The cave art of the Baja California peninsula represents one of the most important collections of prehistoric art in the world and is considered to be on a par with the neolithic art of Europe and Africa. Art styles range from petroglyphs engraved on basalt boulders with simple designs (geometric symbols) or complex images (animal or human figures) to gigantic painted murals tucked away in rocky overhangs and shallow caves and depicting hundreds of human and animal figures. Much of the art across the peninsula shares a common, underlying theme, though execution and style can vary regionally.

Agua Fria Ib

Agua Fria Ib
Copyright © Harry Crosby

Until 2000, it was believed that the cave paintings, or pinturas rupestres, of Baja California were only about 1,900 years old. However, radiocarbon dating of the pigment binders were completed in 2002 and show that the paintings of San Borjitas cave, near Mulegé, may be about 7,500 years old (5400 A.C.), making them perhaps the oldest North American rock art known. However, there continues to be some dispute about the methodology involved in the study and its validity. Read an article on the details of various methods used at different rock art sites over time.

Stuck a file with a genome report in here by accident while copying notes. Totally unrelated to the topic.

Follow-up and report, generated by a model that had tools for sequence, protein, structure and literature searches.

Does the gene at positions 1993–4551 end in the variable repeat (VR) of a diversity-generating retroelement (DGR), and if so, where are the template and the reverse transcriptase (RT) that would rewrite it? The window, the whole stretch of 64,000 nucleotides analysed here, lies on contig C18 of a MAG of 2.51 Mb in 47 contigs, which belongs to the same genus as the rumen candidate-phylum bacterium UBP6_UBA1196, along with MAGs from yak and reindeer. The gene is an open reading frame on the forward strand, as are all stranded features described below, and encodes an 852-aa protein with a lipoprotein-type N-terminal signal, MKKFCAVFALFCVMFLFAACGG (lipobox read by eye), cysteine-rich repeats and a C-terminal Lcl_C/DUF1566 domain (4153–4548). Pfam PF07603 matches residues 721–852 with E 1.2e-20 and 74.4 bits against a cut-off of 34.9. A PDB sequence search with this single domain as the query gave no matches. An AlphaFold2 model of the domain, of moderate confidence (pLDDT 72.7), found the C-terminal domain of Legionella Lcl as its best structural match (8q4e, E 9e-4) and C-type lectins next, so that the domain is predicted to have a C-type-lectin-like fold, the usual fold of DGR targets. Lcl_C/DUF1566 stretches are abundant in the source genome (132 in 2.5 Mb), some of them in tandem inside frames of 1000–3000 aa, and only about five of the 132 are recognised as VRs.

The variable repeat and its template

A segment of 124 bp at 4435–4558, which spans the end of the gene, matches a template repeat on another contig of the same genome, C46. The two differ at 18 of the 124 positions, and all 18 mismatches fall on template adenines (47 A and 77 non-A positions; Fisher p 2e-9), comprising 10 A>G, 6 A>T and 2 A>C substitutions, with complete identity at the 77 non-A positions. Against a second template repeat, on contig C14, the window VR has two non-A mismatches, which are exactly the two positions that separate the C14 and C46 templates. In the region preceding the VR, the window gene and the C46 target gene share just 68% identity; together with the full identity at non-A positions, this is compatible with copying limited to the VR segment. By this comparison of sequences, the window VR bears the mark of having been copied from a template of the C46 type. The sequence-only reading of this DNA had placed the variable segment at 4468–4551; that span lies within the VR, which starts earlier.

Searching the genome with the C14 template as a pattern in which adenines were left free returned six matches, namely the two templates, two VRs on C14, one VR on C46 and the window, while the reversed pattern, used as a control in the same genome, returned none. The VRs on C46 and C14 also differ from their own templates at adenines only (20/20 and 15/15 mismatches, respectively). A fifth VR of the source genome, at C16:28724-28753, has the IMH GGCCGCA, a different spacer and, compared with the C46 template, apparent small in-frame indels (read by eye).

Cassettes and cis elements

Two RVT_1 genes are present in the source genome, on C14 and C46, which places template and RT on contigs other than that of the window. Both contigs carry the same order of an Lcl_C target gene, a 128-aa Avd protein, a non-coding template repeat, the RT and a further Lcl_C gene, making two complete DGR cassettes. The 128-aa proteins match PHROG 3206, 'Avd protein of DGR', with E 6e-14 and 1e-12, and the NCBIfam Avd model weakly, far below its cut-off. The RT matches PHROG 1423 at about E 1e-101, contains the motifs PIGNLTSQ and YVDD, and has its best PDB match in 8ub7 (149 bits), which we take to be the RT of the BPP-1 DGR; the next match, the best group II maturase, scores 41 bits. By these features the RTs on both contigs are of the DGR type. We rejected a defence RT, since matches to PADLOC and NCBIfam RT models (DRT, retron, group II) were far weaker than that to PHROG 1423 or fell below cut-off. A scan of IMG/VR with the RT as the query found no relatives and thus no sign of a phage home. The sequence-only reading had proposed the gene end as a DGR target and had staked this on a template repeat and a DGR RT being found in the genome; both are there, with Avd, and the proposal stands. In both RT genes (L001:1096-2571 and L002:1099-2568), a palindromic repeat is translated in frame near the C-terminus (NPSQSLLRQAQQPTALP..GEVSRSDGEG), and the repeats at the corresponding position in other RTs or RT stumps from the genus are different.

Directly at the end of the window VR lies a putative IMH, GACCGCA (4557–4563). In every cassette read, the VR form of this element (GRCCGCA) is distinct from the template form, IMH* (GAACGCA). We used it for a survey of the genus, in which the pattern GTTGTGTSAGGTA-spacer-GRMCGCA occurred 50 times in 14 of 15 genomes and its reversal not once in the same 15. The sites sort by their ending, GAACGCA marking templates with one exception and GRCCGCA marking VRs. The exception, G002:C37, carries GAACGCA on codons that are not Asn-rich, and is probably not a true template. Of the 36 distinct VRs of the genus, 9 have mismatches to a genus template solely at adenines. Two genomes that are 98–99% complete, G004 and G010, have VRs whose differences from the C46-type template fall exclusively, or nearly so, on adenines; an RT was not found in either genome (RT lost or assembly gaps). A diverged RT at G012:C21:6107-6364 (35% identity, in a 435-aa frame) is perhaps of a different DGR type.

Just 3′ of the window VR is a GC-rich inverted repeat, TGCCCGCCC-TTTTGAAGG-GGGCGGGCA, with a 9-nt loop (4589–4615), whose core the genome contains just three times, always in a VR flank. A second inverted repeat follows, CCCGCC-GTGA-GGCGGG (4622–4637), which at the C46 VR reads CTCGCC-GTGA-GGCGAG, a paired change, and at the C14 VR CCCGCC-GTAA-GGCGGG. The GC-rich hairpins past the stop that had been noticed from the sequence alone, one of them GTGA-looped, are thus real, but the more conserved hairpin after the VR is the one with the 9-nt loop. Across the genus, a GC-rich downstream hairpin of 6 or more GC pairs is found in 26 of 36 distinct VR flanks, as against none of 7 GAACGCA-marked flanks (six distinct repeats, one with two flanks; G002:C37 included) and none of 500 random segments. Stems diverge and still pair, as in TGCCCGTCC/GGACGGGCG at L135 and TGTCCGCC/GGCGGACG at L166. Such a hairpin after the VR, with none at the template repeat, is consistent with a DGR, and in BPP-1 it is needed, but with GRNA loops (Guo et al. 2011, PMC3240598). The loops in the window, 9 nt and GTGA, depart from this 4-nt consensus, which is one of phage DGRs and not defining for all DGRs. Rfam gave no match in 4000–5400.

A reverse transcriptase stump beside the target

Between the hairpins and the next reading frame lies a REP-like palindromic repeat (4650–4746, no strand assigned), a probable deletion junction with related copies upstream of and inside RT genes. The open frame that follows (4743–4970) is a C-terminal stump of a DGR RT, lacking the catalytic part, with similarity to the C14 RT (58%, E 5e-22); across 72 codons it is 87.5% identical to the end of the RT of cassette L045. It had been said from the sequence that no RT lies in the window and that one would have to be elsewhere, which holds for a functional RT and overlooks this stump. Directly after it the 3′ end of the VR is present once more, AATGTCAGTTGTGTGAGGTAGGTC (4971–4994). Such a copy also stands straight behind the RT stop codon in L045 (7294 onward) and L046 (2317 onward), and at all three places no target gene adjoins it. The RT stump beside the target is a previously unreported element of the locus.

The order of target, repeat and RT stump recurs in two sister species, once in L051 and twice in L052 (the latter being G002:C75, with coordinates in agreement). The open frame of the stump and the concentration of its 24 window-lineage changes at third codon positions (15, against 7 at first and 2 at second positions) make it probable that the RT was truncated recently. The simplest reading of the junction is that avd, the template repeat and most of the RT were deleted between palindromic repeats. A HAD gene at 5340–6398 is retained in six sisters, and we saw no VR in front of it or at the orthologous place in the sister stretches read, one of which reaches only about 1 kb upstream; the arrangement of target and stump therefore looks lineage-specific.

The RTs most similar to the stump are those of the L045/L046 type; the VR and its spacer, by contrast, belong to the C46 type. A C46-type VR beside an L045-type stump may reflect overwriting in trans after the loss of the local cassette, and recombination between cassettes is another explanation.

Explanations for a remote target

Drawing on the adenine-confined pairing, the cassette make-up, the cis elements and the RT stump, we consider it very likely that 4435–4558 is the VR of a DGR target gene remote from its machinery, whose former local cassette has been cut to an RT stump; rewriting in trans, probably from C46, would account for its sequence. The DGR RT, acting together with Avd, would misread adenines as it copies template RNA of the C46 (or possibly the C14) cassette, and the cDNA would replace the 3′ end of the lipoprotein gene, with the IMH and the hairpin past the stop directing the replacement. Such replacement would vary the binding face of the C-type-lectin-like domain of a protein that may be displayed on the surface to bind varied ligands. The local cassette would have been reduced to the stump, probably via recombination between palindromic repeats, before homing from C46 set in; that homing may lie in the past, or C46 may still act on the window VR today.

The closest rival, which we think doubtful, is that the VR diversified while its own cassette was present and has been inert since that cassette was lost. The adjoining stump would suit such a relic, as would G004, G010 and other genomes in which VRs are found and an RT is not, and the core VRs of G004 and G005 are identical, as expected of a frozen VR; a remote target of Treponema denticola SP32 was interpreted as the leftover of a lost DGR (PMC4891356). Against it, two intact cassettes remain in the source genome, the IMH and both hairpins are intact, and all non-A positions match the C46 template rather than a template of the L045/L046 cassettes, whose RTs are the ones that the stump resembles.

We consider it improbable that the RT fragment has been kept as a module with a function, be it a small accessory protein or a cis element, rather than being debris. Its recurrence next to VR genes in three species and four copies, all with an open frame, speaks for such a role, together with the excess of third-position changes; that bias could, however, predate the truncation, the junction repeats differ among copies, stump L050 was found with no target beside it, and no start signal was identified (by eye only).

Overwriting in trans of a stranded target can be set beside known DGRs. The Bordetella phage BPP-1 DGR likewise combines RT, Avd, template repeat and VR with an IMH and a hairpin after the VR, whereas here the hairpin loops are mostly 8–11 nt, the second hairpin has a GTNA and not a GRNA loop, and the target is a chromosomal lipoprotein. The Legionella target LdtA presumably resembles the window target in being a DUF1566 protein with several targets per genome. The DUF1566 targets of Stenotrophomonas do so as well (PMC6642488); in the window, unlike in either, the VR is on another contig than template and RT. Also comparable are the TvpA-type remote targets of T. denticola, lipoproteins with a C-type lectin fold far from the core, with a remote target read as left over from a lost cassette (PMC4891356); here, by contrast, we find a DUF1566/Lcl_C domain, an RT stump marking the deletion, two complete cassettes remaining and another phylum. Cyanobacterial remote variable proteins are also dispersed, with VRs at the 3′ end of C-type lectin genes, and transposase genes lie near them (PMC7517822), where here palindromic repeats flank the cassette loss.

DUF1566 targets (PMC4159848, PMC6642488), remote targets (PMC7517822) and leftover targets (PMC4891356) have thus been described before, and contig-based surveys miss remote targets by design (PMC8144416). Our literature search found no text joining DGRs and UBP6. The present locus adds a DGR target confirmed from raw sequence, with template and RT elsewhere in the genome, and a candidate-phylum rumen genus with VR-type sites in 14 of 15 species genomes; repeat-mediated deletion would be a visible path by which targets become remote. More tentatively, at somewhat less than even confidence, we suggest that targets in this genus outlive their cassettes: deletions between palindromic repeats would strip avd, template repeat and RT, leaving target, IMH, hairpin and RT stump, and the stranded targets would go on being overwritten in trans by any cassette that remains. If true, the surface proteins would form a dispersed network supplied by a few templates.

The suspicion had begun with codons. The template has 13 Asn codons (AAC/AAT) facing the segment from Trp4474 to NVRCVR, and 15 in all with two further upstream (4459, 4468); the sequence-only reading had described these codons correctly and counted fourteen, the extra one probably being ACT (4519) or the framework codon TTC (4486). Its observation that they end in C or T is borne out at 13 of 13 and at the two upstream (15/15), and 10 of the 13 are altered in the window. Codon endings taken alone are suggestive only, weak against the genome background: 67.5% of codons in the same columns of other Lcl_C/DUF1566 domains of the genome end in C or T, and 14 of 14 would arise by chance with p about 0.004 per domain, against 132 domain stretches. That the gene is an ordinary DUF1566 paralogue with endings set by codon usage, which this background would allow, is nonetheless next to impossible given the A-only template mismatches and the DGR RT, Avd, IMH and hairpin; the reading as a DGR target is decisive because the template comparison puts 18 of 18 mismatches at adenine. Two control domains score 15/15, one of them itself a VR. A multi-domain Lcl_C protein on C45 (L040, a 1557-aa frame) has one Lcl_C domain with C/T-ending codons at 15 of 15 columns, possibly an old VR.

Much speculation exists about the people who created the cave art.  Francisco Javier Clavigero was one of the first to describe the paintings in his book A History of Baja California published in 1789. He writes that when the Spanish Jesuit missionaries were establishing missions on the southern peninsula at San Ignacio and Santa Gertrudis in the early 18th Century, they heard stories from the native Cochimí about a race of giants from the north who had inhabited the land long before them and who had painted the gigantic murals.  They claimed to be unrelated to this tribe and denied knowledge of their meaning.